WHEN, in 1867, the senate of the United States ratified the treaty with Russia, negotiated by Mr. William Henry Seward, whereby Alaska was purchased by the United States for seven million dollars, a beginning of the Christianizing of the country had already been made in two directions, by two agencies. The Russian or Orthodox Greek Church had established missions along the southwestern coast and the Aleutian Islands, and the Church of England had sent its pioneers from the Northwest Territories into the valley of the Yukon.
The Russian Church began work in Alaska in 1794, when eleven monks were sent to a settlement on Kadiak Island. Five years later a ship corning from Russia with a bishop and a number of clergy was lost with all hands. Frightful ravages had been committed among the natives of the coast by the Siberian fur hunters, and the Aleutian Islands had been half depopulated, when the most noted and vigorous of the Russian missionaries, John Veniaminoff, went to Unalaska in 1824. His active intervention on behalf of the Aleuts, his devoted labours amongst them, his writings and translations, justify the very honourable place that is given him in Alaskan history. Ten years later he was made Bishop and removed to Sitka, was later translated to the see of Kamchatka, and thence to the patriarchate of Moscow, the highest office in the Russian Church. At the time of the Purchase, the Russian Church had eleven priests and sixteen deacons at work in Alaska.
The Church of England missionaries entered Alaska from the east, following the building of the Hudson's Bay Post at Fort Yukon in 1847. In 1861 the Rev. William Kirby, afterwards Archdeacon, crossed the Rockies from the McKenzie country and made the first visit of a missionary to the upper Yukon. The next year Robert McDonald began his work amongst the Yukon Indians. The name of this man, afterwards made Archdeacon of the Yukon, is as notably associated with the middle part of that great river as is the name of Veniaminoff with the Aleutian Islands. He travelled far and wide upon the Yukon and its tributaries, evangelizing the Indians; he translated the whole Bible, the Book of Common Prayer and the Hymnal, into the Indian tongue, and he is still remembered with reverence and affection by the Indians of many thousands of square miles.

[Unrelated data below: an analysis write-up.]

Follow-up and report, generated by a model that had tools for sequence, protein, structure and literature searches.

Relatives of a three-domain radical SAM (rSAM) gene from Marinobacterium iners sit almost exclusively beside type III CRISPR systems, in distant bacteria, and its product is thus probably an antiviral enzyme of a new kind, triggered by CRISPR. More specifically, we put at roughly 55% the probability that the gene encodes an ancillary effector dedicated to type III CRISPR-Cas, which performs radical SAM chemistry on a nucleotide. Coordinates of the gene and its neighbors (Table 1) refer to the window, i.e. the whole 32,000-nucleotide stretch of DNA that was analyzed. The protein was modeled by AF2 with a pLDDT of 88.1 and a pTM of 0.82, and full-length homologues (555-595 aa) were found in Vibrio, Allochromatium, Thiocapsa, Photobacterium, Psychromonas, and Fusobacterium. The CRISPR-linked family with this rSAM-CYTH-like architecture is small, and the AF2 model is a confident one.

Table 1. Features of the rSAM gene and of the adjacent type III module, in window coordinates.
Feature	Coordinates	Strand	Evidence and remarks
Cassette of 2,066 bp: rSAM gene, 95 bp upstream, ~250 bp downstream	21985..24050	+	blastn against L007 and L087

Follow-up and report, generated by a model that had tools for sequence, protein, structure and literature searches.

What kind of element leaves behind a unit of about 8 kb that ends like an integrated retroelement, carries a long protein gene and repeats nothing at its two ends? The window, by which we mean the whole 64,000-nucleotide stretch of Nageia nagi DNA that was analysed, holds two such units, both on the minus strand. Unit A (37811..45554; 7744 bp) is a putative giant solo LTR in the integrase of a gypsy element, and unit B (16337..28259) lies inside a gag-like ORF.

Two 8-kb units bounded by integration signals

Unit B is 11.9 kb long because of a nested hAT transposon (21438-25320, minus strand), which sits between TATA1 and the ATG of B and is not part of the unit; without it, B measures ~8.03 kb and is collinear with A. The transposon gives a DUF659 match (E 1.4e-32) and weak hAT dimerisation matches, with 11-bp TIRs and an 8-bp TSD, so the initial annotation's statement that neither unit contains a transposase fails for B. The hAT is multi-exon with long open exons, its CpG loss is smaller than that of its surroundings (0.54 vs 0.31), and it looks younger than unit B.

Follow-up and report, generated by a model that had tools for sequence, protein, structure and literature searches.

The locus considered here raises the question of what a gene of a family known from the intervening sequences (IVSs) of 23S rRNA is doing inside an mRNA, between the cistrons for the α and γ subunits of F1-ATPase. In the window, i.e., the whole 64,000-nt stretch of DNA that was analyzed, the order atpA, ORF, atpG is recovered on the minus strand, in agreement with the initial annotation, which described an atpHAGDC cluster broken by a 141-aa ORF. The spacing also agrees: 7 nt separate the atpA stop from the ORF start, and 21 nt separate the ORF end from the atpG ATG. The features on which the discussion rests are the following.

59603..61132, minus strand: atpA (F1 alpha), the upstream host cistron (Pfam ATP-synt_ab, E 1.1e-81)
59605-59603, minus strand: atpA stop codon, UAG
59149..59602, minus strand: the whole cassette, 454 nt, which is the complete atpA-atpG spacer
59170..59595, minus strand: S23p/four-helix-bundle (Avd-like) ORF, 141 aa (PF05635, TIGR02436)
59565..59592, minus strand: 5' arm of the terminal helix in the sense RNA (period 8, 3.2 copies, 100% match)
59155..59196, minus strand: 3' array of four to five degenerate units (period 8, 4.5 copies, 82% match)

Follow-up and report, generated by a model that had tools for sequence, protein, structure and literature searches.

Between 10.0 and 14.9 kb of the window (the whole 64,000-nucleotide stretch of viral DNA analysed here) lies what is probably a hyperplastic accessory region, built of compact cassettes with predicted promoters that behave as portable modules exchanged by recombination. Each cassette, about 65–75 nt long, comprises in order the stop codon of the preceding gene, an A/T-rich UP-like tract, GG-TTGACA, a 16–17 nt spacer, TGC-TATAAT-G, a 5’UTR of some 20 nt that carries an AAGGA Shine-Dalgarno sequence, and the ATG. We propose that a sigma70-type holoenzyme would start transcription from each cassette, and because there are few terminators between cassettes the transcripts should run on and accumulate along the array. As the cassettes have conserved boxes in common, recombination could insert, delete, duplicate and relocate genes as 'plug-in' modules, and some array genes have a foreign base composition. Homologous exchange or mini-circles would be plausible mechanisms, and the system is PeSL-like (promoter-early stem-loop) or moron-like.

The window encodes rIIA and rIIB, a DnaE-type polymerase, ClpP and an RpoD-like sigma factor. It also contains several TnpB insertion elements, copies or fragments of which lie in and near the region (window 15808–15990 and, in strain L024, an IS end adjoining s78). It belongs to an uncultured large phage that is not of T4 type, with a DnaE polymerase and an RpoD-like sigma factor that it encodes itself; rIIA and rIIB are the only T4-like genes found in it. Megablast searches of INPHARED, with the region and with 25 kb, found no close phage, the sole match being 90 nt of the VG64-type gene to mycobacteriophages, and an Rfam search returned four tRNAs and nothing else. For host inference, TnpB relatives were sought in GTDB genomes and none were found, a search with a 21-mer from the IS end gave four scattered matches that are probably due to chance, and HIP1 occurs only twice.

For twenty years after the purchase the American Episcopal Church did nothing for Alaska. The Greek Church continued its operations along the southeastern and southwestern coasts. There was a cathedral at Sitka, and churches at Wrangell, Kadiak, Unalaska, St. Michael; one mission on the Kuskokwim river and one on the Yukon, near its mouth.
The English Church maintained its labours in the Yukon Valley under the devoted superintendence of Bishop Bompas of the diocese of Selkirk; another name that will never be forgotten on the Yukon. The Rev. Mr. Can-ham was at Nuclacayette (now Tanana) more than half way down the Yukon; the Rev. Mr. Hawkesley at Fort Yukon; the Rev. A. V. Sim died teaching on the Porcupine River: all three agents of the English Church Missionary Society.
It is not easy to speak of the beginnings of work in southeastern Alaska without going a little further south and invading British Columbia. In 1856 Capt. J. C. Prevost, of H. M. S. Virago, returned to England from a four years' cruise off the coast of British Columbia. Since Vancouver's voyages of the last decade of the previous century these coasts had been frequented by traders of all kinds, with the usual unfortunate results, and nothing whatever had been done to Christianize the natives or to counteract the degrading influences. Captain Prevost made strong representations to the English Church Missionary Society, and in consequence William Duncan was sent out to Fort Simpson in 1857, to begin one of the most strikingly successful missionary enterprises of modern times. When, five years later, a number of converts had been made, Duncan transferred them to an island near the coast, the name of which, Metlakahtla, was to become known throughout the world. Here, in an exclusively Christian and exclusively Indian community, the people made astonishing advances in civilization under Duncan's masterful leadership; all sorts of industrial enterprises were successfully established, and for many years the cleanly, orderly, busy village was the shining example of what can be done with Indians under the influence of the Gospel of Jesus Christ, and under favourable circumstances of environment and direction. Some of the bloodiest and most turbulent of American Indians had been transformed into peaceful, faithful Christian people.
The effects of the work done at Fort Simpson were not confined to that locality. Parties of Indians who had received instruction passed over the boundary carrying- their teaching with them. When the United States took possession of Alaska in 1867 and established a military post at the old Russian Fort Wrangell, the soldiers were surprised to find Indians who would not work on Sunday but gathered for their own Christian worship. The Canadian Methodists also began a work at Fort Simpson in 1874 and the influence of their teaching spread across the boundary. Appeals from Wrangell were made to several missionary boards and in 1877 Dr. Sheldon Jackson--another great Alaskan name--visited the place in company with Mrs. A. R. McFarland, the widow of the first Presbyterian missionary in New Mexico, and left her there, to start a school. In the following year Dr. Jackson returned accompanied by the Rev. S. Hall Young, under whom a regular mission was established at Wrangell. Dr. Young has been actively connected with Presbyterian missions in many parts of Alaska ever since, and is the oldest Alaska missionary of any name. From this point the work was extended to Haimes on the Lynn Canal, and to Sitka, at that time the capital, on Baranoff Island. In 1885 the Presbyterians reported six regular stations and sixteen missionary teachers in Alaska.